Lethbridge Herald, The (Newspaper) - November 22, 1972, Lethbridge, Alberta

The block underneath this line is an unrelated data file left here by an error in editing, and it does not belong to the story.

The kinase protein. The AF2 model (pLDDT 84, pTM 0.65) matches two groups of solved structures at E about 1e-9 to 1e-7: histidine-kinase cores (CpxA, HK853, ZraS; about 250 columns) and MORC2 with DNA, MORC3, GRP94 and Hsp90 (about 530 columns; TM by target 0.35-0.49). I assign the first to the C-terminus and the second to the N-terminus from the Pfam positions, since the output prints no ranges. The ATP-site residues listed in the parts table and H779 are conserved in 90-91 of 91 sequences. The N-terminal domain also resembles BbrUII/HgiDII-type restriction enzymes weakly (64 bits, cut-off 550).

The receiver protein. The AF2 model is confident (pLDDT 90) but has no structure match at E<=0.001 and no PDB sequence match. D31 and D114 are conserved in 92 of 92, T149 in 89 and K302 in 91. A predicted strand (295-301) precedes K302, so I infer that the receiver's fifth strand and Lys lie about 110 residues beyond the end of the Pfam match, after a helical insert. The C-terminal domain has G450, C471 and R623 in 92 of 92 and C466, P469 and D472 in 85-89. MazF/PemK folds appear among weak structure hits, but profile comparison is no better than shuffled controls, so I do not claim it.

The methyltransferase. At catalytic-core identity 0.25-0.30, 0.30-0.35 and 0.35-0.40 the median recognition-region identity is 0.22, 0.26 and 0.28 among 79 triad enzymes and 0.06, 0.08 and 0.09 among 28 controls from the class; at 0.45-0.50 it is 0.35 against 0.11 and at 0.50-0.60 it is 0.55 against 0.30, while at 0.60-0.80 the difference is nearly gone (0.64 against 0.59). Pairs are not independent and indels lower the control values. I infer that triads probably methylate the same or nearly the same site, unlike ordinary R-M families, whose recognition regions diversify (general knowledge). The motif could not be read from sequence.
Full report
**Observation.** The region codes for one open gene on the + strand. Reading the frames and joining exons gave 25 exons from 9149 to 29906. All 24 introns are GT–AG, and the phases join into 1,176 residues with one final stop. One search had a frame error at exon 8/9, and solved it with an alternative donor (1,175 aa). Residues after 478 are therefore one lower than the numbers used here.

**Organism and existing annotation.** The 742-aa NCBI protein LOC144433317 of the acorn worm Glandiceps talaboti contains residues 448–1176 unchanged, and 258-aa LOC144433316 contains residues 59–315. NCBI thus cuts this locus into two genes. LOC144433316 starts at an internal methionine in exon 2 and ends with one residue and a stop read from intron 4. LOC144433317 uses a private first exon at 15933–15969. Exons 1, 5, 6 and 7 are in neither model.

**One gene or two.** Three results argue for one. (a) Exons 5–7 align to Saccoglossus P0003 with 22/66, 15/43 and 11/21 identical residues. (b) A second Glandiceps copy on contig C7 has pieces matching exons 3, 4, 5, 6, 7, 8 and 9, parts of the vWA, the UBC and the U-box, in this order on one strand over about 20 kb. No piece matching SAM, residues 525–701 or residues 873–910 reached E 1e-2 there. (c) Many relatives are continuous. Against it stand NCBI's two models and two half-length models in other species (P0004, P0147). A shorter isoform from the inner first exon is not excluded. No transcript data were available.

18 THE IETHBRIDG1 HERALD Wednesday, November 23, 1972----------------------- Accident rate drops, but not insurance By JIM .U-1VDIE Herald Staff Writer Substantially fewer injuries md less property damage from motor vehicle accidents in the city this year will not likely mean a similar reduction in in- surance vales, The Herald has been told. To the end of October, the city had motor vehicle ac- cidents compared with for the same period last year, an increase of seven accidents. However, tlie B74 major acci- dents (causing damage of more than was doivn 57 from the previous year. The 919 mi- nor accidents (causing damage less than were up by 75. The 408 hit and run accidents this year were down 11 from the same period last year. Property damage this year is down to or a decrease of nine per cent from last year. I Injuries from motor vehicle j accidents are down 20 per cent this year. There were 370 per- sons injured to the end of Octo- ber compared with 465 for the same period last year. There was one death this I year compared with five the previous year. Despite the fewer deaths, nine per cent reduction in prop- erty damage and 20 per cent reduction in injuries, local mo- tor vehicle insurance spokes- men fesl insurance rates will not likely drop. Increased costs Insurance companies and in- surance agents are faced with increasing staffs and increased operational costs, one spokes- man said. The reduction in property damage in Leth- thc Homer statement surprises Olson Provincial accusations of federal delays in establishment of a farm machinery testing station for Lethbridge "sur- prised" acting federal agricul- ture minister Bud Olson. In a telephone interview Tuesday. Mr. Olson said he is surprised Dr. Homer w ou 1 d blame anyone. Mr. Olson said the western provinces asked the federal gov- ernment to work on the propos- als for the establishment of the testing station during the July meeting of the federal and pro- vincial agriculture ministers held in Halifax. He said papers were finished and sent back to the provinces. Monday, said Mr. Olson, pro- vincial agriculture ministers or their representatives met in Ot- tawa to discuss the issue and "decided they had to have more time to work on the matter." Deputy Agriculture Minister Dr. Glen Purnell represented Alberta. Mr. Olson said Dr. Horner made the accusation before he had time to find out the results of Dr. Purnell's trip, to Ottawa. PRE CHRISTMAS SPECIALS SLEEVELESS BUTTON SWEATERS Reg. 9.95 V-NECK PULLOVER SWEATERS 5.95 Sizes 30-44 MEN'S and BOYS' LATEST FASHION PYJAMAS and DRESSING GOWN SETS SiiesS-M-L and Tall Flannel and Cotton For the Big Manl SUITS and SPORT JACKETS Sizes to 52 Tall and regular SHOP WHERE THE SELECTION IS GREAT, AND THE PRICE IS RIGHT BUYRITE MEN'S WEAR 318 5lh ST. S. PHONE 327-4210 (OPEN THUKS. AND FBI. TILL 9 P.M.) bridge Is onlv a drop In bucket, he said. The only way insurance rates in Lelhbridge could drop or hole the line, is if there was a signif- icant drop in claims throughout the whole insurance zone. Alberta is divided into three zones. Zone 1 covers Calgary aiid Edmonion. Zone 2 covers an area north of Grande Prai rie and Peace River. Zone 3, in which Lethbridge falls, covers the rest of the province. Zone 3 now has the lowest premium rate in the province. A certain type of public li- ability coverage, for example carries a premium of ?71 if Zone 1, ?63 in Zone 2 and in Zone 3. A certain collision coverage carries a premium of ?55 in Zone 1, in Zone 2 and in Zone 3. Comprehen s i v e coverage however, is a bit different Same coverage in Zone 1 costs 527, in Zone 2 it costs and in Zone 3 it runs The re a s o n comprehensive premiums are higher In Zone 3 than in Calgairy or Edmonton is because o! the higher rate of incidents there are more comprehensive claims per auto- mobile in Zone 3 tjan Zone 1 mainly because of the gravelled roads, said one insurance spokesman. In Zone 2, where most of the roads are gravelled and wind- shield replacements are nol readily available, cost of claims is extremely high, thus the high premium rate compared with the rest of the province. "With increased costs facing the insurance companies and said a spokesman, "it is plain to see that a decrease in claims in Lethbridge is not enough to warrant a drop in premiums throughout the whole zone." Story wrong A story carried earlier in The Herald said that accidents in the city had increased 43 per cent this year to the end of September. The story, based on Alberta Safety Council figures, was inaccurate. A city police spokesman said steps are being taken to cor- rect the Alberta Safety Council figures. The reason the Lethbridge fi- gures appeared so high, showing a 164 pei- increase in acci- dents in September and a 143 per cent increase in August, is because the safety council was comparing major accidents in 1971 with total accidents in 1972. It is expected the safety coun- cil figures will be corrected for November's tally. October was not a good month in Lethbridge, city police rec- ords show. There were 263 accidents (11B majors, 98 minors, 47 hit and run) compared with 236 acci- dents (112 majors, 86 minors, 33 hit and run) in October, 1971. There were 66 injuries last month compared with 62 in- juries and two deaths the pre- vious year. Property damage of last month was up from in October, 1971. Symphony's 12th year set The high spot in the Leth- bridge Symphony Associa- tion's I2th season will be a concert presentation of Chris- topher Gluck's opera, Or- pheus of (he Underworld, Jan. 28 and 29. The season opens at the Yatcs Memorial Centre Dec. 4 featuring a concert on the works of Wagner, Haydn, Handel and Beethoven. Two other concerts follow on Mar. 26 and May 7, The of Or- pheus of the Underworld will stage the 70-member sym- phony chorus, costumed and choreographed by a three- member team, Joan Water- field, Lily Lartev and Muriel Jolliffee. Members of the Jolliffe'j Academy of Dancing will per- form the two ballet sequences in the presentation. The leads will be taken by sopranos Colleen Kauffman and Linda Johnson and tenor Michael Kauffman. Another first for the associa- tion is the oratorio (semi- dramatic musical composi- Handel's St. John's Pas- sion by the cliorus and or- chestra May 7. The 52-member orchestra has local musicians available to play every instrument this year and will no longer be required to import musicians from Calgary. The orchestra's conductor Is Lucien Needham, professor of music at the University of Lethbridge. He was bora and studied music in England, ar- riving in Canada to conduct the 165-voice Winnipeg Phil- harmonic choir. Walter Goertzen, conductor of the symphony chorus, was bora in Lethbridge and re- ceived his musical training in Kelowna, Winnipeg and Waterloo Lutheran University in Ontario. He is now employed as of- fice manager for a local man- ufacturing firm. Both he and Professor Needham have been with the association for three years. The symphony orchestra perform its first out-of- town concert of the season Ma.-. 18 in Pincher Creek. That concert was originally scheduled for Nov. 26. School evaluation meet draws energetic response About a dozen topics of con- cern about education In Leth- bridge': public schools were raised at Tuesday night's meet- ng called by the educationa" ;oals project committee. The meeting at Wilson Junior High School was attended by about 40 persons, more than twice the turnout at the first meeting last week. Two more X-rays spot 4 coses, VD cases total 113-report Four active cases of tuber- culosis were detected in the city last year through x-ray examinations, the city health unit said in its annual report for 1971 just released. Confirmed venereal diseases totalled 113. No death resulted from the 925 communicable diseases re- during the year, includ- ing 549 cases of rubella, 212 cases of chicken pox and 84 cases of mumps. Health inspectors made inspections and investigated into 127 complaints. There were no prosecutions. There were 660 births and 337 deaths. Diseases of the heart and circulatory system remain- ed the major cause of death, taking away 142 lives, followed by neoplasms (tumors) with 66 deaths and diseases of the res- piratory system with 43 deaths. The city's population con- tinued to grow. Quoting depart mcnt cf municipal affairs fig- ures, the report said population, totalling in 1967, creased by two per cent in IOCS, 2.6 per cent in 1969, 2.8 per cent in 1970 and 3.3 per cent in 1971 to reach Health services to children included dental care to school entrance medical ex- aminations to 643, nurses' ex- aminations to 061, and routine vision tests to HELP WANTED ELKS CLUB of LETHBRIDGE HAS OPENINGS FOR 2 BARTENDERS Experience preferred but nol essential. Applications will bo received up la Nov. 25th, 1972 Phone Manager 327-7219 for interview meeting chairman was meetings in the series will be held Nov. 27 at Fleetwood- Eawden School and Dec. 7 at Senator Buchanan School. The meetings are called by the educational goals project committee of the Lethbridge Public School District to obtain comments from parents, educa- tors, students and the public at large on the general topic .ol what should the schools be do- ing. The Dr. G. H. Sevan, director of curriculum of the school dis- trict. Seven other committee members attended the meeting. Eight small group discus- sions were organized, with each one assigned a special topic of concern. The topics included in- dividualized instruction, final examinations, open area teach- ing, student rights, grading, what skills should be acquired in schools, community schools and kindergarten education. Mr. Bevan said he was pleased with the turnout and "the energetic response." lie invited "anyone interested in the subject" to attend future meetings or write to the school district board. The public meetings are phase two of the school dis- trict's four-part evaluation pro- gram. Phase one, which was completed earlier, was the analysis of questionnaires. Phase three will be the sub- mission of briefs from all inter- ested parties, and phase four will bo another series of public meetings. 'Only doing ray job' Dog killer fined PICTURE BUTTE The town administrator here has been convicted and fined for wilful and unlawful destruction of animals. Earl Mcllroy was told Tues day by Provincial Judge A. II Elford that he was guilty of the offense even though his ac- tions had been prompted by or- ders from the town's Deputy Mayor Duane Oliver. Mr. Mcllroy told the court he had killed several stray dogs in August after being ordered to do so by Deputy Mayor Oliver who was acting on behalf of the mayor who was vacationing at the time. In testimony regarding the killing of one of the dogs lie said, "In my opinion the dog was dangerous it was bark- ing, growlinij and frothing at the mouth as I tried to approach it." "I thought the dog was dan- Mr. Mcllroy said. lie said he felt lie was Jusl doing his job and "I didn'l check with anyone to see how it should have been done. "I was following orders from (lie deputy mayor I felt they overruled any other rules that might be in he tes titled. Provincial Judge Elford told Mr. Mcllroy it was unfortunate he thought the deputy mayor's orders would protect him. The incident arose when Mrs. Betty Lou Mazutinec com- plained to town officials about dog fight that broke out in her yard Aug. 17. "I went downtown right alter the fight to see if something could Ire done about those dogs. STILL SELLING FOR LESS! STERN'S CUT-RATE FURNITURE 314 3rd Street S. Phone 327-3024 I was afraid my children might be hurt She said, "If I had had a gun handy at the time I would have shot the dogs." A town resident, Hen-y Ger- stenbuhler, owner of one of the dogs ordered shot, told the court how he searched for his dog for two days before he spotted several rotting dog carcassu at the dump west of the town. One of the carcasses was his dog, which he said had always acted as a watch-dog for his truck while he was away from it. Trial of a second town em- ployee charged in connection with the same incident haj beta set for Dec. 5. PUBLIC MEETING for All Nationalities and All Races This meeting will be taken ai an indication oF the Com- munity'i response to the needs of the Native People In the City oF Lethbridge. Thursday, November 23, p.m. 320 llth Street S., (GOLDEN MILE CITIZENS CENTRE) Alia. VAN ISLE SEAFOODS Will hove a trutkload of FRESH ICFD SALMON (Never Been Frozen) and Cooked Crab and other Seafoods parked at COLLEGE MALL SHOPPING CENTRE SOUTH OF HY'S THURSDAY and FRIDAY NOV. 23rd and 24th From 10 a.m. to Dusk Featuring lobster tail, shrimp, talman, fresh and smoked crab and various ica foods. Special ordtri will taken, Wi apajoglie far not being available last week vertised. were absent due to circumstances control.